William Willett (10 August 1856 – 4 March 1915), was an English builder and a tireless promoter of daylight saving time.
was born in Farnham,
Surrey, in the United Kingdom, and educated at the Philological School.
After some commercial experience, he entered his father's building
business, Willett Building Services. Between them they
created a reputation for "Willett built" quality houses in choice
parts of London and the
south, including Chelsea and Hove, including
House. He lived most of his life in Chislehurst, Kent, where, it
is said, after riding his horse in Petts Wood near his home early one summer morning and noticing
how many blinds were still down, the idea for daylight saving time
first occurred to him.
This was not the first time that the idea of adapting to daylight
hours had been mooted, however. It was common practice in the
ancient world, and Benjamin
resurrected the idea in a light-hearted 1784 satire.
Although Franklin's facetious suggestion was simply that people
should get up earlier in summer, he is often erroneously attributed
as the inventor of DST while Willett is often ignored. Modern DST
was first proposed by New Zealand entomologist George Vernon Hudson
, although many
publications incorrectly credit Willett.
Using his own financial resources, in 1907 William published a
pamphlet "The Waste of Daylight" In it he proposed that the clocks
should be advanced by 80 minutes in the summer. The evenings would
then remain light for longer, increasing daylight recreation time
and also saving ₤2.5 million in lighting costs. He suggested that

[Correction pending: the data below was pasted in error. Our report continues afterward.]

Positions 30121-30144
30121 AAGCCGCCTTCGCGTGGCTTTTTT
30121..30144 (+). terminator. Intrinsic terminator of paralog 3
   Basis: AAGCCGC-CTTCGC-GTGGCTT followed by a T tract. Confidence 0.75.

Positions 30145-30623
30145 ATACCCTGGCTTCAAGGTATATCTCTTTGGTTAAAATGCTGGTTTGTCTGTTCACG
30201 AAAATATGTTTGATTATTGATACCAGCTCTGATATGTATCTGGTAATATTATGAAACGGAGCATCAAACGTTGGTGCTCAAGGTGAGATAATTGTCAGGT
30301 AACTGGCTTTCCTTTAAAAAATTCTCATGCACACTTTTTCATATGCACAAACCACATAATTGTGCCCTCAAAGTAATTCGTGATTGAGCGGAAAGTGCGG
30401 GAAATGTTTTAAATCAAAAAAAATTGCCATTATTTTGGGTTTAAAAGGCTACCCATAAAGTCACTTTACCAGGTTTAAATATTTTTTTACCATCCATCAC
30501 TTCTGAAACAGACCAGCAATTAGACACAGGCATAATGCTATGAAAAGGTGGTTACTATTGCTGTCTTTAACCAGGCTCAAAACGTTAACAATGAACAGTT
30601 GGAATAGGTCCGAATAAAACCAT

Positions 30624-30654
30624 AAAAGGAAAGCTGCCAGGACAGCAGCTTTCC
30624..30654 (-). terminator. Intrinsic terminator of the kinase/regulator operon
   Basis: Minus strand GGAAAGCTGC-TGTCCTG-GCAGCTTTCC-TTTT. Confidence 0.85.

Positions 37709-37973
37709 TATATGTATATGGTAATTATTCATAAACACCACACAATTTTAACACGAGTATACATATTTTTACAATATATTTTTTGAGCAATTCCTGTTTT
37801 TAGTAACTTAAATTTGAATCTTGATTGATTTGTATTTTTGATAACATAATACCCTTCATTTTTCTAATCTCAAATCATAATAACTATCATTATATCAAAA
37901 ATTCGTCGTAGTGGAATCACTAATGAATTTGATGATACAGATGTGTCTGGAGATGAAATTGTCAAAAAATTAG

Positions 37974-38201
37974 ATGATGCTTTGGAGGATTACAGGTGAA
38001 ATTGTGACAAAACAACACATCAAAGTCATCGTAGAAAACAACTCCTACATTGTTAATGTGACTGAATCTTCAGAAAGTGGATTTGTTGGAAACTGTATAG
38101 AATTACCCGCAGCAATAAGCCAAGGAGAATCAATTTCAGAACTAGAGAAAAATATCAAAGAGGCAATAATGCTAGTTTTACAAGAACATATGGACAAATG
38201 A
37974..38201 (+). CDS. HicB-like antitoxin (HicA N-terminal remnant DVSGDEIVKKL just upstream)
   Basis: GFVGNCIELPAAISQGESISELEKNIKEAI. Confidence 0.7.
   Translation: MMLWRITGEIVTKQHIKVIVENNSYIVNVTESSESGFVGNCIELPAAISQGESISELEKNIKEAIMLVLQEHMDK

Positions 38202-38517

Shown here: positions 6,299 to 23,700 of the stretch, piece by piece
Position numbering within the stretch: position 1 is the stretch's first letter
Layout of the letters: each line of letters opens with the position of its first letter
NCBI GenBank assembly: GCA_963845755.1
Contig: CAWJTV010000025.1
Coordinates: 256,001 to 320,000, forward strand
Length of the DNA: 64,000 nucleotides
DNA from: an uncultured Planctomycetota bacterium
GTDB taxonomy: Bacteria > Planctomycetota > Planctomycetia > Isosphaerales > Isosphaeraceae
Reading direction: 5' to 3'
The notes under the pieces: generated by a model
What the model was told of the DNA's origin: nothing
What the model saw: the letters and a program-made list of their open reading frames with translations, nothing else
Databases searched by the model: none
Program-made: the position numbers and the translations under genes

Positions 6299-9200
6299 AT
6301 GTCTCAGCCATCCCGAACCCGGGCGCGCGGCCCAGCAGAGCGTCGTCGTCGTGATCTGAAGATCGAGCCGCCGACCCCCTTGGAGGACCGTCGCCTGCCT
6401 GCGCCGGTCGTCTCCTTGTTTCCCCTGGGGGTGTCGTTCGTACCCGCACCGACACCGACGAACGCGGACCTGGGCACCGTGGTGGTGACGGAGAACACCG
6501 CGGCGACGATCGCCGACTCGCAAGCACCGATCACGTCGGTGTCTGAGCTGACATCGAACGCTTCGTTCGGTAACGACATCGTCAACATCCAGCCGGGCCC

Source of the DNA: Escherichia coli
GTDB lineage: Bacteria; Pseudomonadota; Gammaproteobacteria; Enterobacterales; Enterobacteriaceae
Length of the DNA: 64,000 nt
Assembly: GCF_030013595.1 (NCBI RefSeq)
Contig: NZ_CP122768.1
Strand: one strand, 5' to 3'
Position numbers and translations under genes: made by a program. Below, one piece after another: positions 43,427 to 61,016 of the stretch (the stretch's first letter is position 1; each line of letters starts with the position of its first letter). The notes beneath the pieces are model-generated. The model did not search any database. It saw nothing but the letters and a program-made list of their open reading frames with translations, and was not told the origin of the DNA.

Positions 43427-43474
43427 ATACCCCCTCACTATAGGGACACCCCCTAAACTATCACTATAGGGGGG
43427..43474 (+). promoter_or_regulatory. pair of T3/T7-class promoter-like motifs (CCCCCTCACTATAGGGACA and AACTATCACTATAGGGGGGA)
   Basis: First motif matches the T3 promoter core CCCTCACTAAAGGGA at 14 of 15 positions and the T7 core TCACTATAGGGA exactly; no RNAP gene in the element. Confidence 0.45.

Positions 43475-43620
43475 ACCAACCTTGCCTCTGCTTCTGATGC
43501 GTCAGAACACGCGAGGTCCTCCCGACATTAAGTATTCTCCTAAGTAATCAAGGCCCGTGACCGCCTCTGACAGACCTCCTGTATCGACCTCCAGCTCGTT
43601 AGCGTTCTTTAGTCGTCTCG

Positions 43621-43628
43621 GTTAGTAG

the clocks should be advanced by 20 minutes at a time at 2 am on
successive Sundays in April and be retarded by the same amount on
Sundays in September.
Through vigorous campaigning, by 1908 Willett had managed to gain
the support of an MP
, Robert Pearce
, who made several
unsuccessful attempts to get it passed into law. A young Winston Churchill
promoted it for a time,
and the idea was examined again by a parliamentary select committee
in 1909 but again nothing was done. The outbreak of the First World War
made the issue more important
primarily because of the need to save coal
Germany had already
introduced the scheme when the bill was finally passed in Britain
on 17 May 1916 and the
clocks were advanced by an hour on the following Sunday, 21 May, enacted as a wartime production-boosting
device under the Defence of the
It was subsequently adopted in many other
William Willett did not live to see daylight saving become law, as
he died of influenza
in 1915 at the age of
58. He is
commemorated in Petts
Wood by a memorial sundial, set
permanently to daylight saving time.
in Petts Wood is also named in his honour and the road
Willett Way. His house in the London Borough
of Bromley is marked with a blue
plaque. He is buried in the churchyard at St Wulfran's
Church, Ovingdean, in the city of Brighton and Hove.
Willett is the great-great-grandfather of Coldplay frontman
and the great-great-uncle
of British television and radio presenter and voiceover artist
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